Household Bargaining and Excess Fertility: An Experimental Study in Zambia

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Household Bargaining and Excess Fertility: An Experimental Study in Zambia

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Title: Household Bargaining and Excess Fertility: An Experimental Study in Zambia
Author: Ashraf, Nava; Field, Erica; Lee, Jean

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Citation: Ashraf, Nava, Erica Field, and Jean Lee. "Household Bargaining and Excess Fertility: An Experimental Study in Zambia." American Economic Review 104, no. 7 (July 2014).
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Abstract: We posit that household decision-making over fertility is characterized by moral hazard due to the fact that most contraception can only be perfectly observed by the woman. Using an experiment in Zambia that varied whether women were given access to contraceptives alone or with their husbands, we find that women given access with their husbands were 19% less likely to seek family planning services, 25% less likely to use concealable contraception, and 27% percent more likely to give birth. However, women given access to contraception alone report a lower subjective well-being, suggesting a psychosocial cost of making contraceptives more concealable.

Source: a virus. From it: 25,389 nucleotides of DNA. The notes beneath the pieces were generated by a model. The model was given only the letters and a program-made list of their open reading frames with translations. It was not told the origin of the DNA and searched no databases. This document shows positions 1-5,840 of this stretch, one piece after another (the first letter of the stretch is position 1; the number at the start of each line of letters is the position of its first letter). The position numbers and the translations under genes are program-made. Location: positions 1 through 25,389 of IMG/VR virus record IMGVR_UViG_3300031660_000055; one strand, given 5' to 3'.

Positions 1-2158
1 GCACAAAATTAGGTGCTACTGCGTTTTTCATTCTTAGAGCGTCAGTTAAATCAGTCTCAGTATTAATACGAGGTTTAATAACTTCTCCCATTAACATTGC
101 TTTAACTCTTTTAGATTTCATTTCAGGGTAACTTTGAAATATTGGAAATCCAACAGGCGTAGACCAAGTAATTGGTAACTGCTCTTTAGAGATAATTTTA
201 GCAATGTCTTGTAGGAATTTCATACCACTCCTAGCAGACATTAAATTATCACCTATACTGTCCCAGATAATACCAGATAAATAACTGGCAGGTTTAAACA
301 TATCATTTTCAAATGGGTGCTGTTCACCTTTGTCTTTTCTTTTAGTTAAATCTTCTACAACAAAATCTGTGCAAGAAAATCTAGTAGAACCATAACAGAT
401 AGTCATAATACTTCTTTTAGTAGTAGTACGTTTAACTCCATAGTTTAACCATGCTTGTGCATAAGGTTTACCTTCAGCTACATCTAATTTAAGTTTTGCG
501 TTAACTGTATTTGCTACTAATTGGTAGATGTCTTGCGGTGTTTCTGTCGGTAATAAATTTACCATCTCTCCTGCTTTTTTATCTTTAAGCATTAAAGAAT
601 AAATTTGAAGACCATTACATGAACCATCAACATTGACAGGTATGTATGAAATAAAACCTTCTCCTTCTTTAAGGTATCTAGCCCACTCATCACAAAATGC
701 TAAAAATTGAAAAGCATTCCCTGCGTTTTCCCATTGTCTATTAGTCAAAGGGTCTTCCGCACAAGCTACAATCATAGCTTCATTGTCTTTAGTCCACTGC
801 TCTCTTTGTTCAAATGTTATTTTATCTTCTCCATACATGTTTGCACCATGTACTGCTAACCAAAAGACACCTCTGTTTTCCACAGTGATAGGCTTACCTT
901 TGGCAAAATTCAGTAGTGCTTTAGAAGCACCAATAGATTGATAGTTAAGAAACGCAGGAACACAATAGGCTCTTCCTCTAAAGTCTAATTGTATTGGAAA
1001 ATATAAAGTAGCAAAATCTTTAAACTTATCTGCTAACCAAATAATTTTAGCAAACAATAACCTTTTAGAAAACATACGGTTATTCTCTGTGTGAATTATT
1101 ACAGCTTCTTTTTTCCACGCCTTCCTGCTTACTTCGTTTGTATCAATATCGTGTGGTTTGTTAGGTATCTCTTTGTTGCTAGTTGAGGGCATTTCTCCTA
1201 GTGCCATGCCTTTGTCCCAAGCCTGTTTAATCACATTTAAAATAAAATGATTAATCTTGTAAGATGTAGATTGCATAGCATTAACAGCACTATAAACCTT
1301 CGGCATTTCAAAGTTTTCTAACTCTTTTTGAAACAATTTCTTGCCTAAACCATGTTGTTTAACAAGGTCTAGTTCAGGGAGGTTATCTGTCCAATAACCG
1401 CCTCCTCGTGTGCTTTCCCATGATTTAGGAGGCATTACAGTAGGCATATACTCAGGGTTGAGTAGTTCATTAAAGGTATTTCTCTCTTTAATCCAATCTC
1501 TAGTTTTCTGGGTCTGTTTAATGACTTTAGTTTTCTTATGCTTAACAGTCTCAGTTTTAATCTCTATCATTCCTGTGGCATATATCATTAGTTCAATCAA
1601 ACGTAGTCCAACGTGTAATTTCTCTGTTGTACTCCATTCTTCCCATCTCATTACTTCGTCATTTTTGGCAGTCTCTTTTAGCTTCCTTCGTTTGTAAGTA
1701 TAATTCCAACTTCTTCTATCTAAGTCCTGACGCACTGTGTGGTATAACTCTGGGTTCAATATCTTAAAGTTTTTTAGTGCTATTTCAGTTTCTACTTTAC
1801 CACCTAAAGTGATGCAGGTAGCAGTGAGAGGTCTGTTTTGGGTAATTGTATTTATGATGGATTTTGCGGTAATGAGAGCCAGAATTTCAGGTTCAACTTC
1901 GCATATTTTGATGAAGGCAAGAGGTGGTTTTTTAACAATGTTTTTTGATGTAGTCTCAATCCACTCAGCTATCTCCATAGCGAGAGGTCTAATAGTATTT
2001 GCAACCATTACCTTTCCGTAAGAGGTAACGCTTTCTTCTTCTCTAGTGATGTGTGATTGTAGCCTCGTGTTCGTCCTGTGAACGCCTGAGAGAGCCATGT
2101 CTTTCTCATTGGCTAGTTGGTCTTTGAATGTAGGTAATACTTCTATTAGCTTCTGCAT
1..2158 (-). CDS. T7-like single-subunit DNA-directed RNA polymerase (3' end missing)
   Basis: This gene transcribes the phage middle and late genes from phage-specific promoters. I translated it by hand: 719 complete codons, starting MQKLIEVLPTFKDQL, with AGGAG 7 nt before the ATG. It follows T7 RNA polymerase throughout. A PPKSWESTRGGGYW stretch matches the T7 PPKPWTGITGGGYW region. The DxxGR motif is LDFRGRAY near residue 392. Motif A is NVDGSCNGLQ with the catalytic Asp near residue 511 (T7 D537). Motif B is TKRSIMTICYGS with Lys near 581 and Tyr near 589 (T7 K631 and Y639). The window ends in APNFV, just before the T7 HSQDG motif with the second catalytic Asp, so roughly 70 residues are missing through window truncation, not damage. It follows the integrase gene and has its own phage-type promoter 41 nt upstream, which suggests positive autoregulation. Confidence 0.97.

Published Version: doi:10.1257/aer.104.7.2210
Terms of Use: This article is made available under the terms and conditions applicable to Open Access Policy Articles, as set forth at http://nrs.harvard.edu/urn-3:HUL.InstRepos:dash.current.terms-of-use#OAP
Citable link to this page: http://nrs.harvard.edu/urn-3:HUL.InstRepos:13348078
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